Apolda was an industrial and textile town of about 20,000 people. More important to the development of the Doberman, it was also the stage for an annual dog market where all types of dogs from all over the world would be gathered for showing and sale.

Throughout Karl Dobermann’s life he worked several different jobs including work as a skinner at a municipal slaughter house, a tax collector, dog catcher, and night policeman. Dobermann maintained the company of personal protection dogs during many of these duties and grew an awareness of the best attributes of a dog for such jobs.

Dobermann’s dogs were aggressive and fearless, usually of a medium compact size, just large enough to prove a mighty deterrent to a would be attacker. These dogs also needed to be with him all day and obey his commands. This requires an obedient and sound tempered animal.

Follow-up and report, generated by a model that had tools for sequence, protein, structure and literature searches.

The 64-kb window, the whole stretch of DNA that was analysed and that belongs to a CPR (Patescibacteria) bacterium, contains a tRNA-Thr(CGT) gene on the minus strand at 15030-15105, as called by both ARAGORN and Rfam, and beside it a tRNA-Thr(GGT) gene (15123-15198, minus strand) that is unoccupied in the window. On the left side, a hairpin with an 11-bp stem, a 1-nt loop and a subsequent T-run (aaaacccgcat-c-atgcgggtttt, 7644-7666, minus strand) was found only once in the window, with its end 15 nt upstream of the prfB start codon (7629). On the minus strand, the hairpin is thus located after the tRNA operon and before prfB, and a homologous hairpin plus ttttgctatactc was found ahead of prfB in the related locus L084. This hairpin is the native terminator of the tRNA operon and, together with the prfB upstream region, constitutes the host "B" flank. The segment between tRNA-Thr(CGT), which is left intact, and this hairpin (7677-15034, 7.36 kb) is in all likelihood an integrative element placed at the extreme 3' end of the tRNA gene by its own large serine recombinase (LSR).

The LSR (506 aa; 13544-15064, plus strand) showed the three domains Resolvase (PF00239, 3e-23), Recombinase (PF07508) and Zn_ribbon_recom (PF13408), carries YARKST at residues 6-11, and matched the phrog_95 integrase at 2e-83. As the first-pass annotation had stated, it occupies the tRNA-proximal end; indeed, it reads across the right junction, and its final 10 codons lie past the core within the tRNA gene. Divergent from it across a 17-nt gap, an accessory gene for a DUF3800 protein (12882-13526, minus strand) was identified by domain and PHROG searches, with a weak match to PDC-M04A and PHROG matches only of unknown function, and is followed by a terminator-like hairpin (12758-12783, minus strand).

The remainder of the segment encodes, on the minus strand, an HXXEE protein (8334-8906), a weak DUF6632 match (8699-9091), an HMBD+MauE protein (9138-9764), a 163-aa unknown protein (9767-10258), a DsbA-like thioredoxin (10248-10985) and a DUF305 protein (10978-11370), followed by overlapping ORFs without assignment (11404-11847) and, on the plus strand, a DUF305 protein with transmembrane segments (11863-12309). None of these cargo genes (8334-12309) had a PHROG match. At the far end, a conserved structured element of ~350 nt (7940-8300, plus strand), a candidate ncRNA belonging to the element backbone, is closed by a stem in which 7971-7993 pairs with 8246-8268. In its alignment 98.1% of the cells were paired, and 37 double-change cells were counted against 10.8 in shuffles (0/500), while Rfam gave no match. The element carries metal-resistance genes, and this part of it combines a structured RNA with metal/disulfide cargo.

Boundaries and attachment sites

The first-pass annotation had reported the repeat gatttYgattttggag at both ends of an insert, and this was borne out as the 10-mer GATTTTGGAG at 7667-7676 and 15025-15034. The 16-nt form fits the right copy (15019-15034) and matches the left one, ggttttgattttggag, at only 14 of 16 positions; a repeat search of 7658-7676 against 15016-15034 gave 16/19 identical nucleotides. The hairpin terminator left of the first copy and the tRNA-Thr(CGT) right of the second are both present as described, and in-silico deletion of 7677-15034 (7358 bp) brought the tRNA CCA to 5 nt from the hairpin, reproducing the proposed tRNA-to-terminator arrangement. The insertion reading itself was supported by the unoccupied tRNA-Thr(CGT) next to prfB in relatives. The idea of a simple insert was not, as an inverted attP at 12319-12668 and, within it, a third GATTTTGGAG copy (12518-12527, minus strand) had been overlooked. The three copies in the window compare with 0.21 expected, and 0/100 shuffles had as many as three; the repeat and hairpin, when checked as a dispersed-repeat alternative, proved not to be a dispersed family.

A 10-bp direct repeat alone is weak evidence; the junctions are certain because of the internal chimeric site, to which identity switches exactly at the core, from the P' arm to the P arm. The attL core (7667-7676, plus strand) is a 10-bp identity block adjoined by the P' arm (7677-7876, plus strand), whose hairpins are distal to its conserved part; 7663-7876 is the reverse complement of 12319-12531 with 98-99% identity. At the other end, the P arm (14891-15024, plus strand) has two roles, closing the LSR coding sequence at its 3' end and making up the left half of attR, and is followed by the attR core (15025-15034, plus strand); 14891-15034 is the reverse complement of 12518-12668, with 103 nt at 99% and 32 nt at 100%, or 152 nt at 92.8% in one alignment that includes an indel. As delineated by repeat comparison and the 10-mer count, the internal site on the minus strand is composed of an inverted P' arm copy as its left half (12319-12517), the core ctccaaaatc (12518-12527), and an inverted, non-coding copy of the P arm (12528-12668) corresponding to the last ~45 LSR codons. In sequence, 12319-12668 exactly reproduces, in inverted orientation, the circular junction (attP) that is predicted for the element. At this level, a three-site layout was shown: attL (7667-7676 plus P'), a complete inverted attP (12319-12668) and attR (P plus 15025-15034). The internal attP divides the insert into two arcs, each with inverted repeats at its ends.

In 1880, Dobermann bought a home in Apolda which made room for serious breeding activities. Along with two fellow police friends, Herr Rable and Herr Bottger, he began the breed we now know as the Doberman Pinscher.

Theodore F. Jager, one of the first significant importers of the Doberman Pinscher to the United States wrote in his 1910 book The Police Dog, “loved next to dogs, good health-giving beer, and the three to invest all their earnings in the ‘liquide bread’ as they considered it, was a rule of their lives which they never broke.” The three friends attended Apalda’s annual dog show where they sold and likely obtained some of their stock.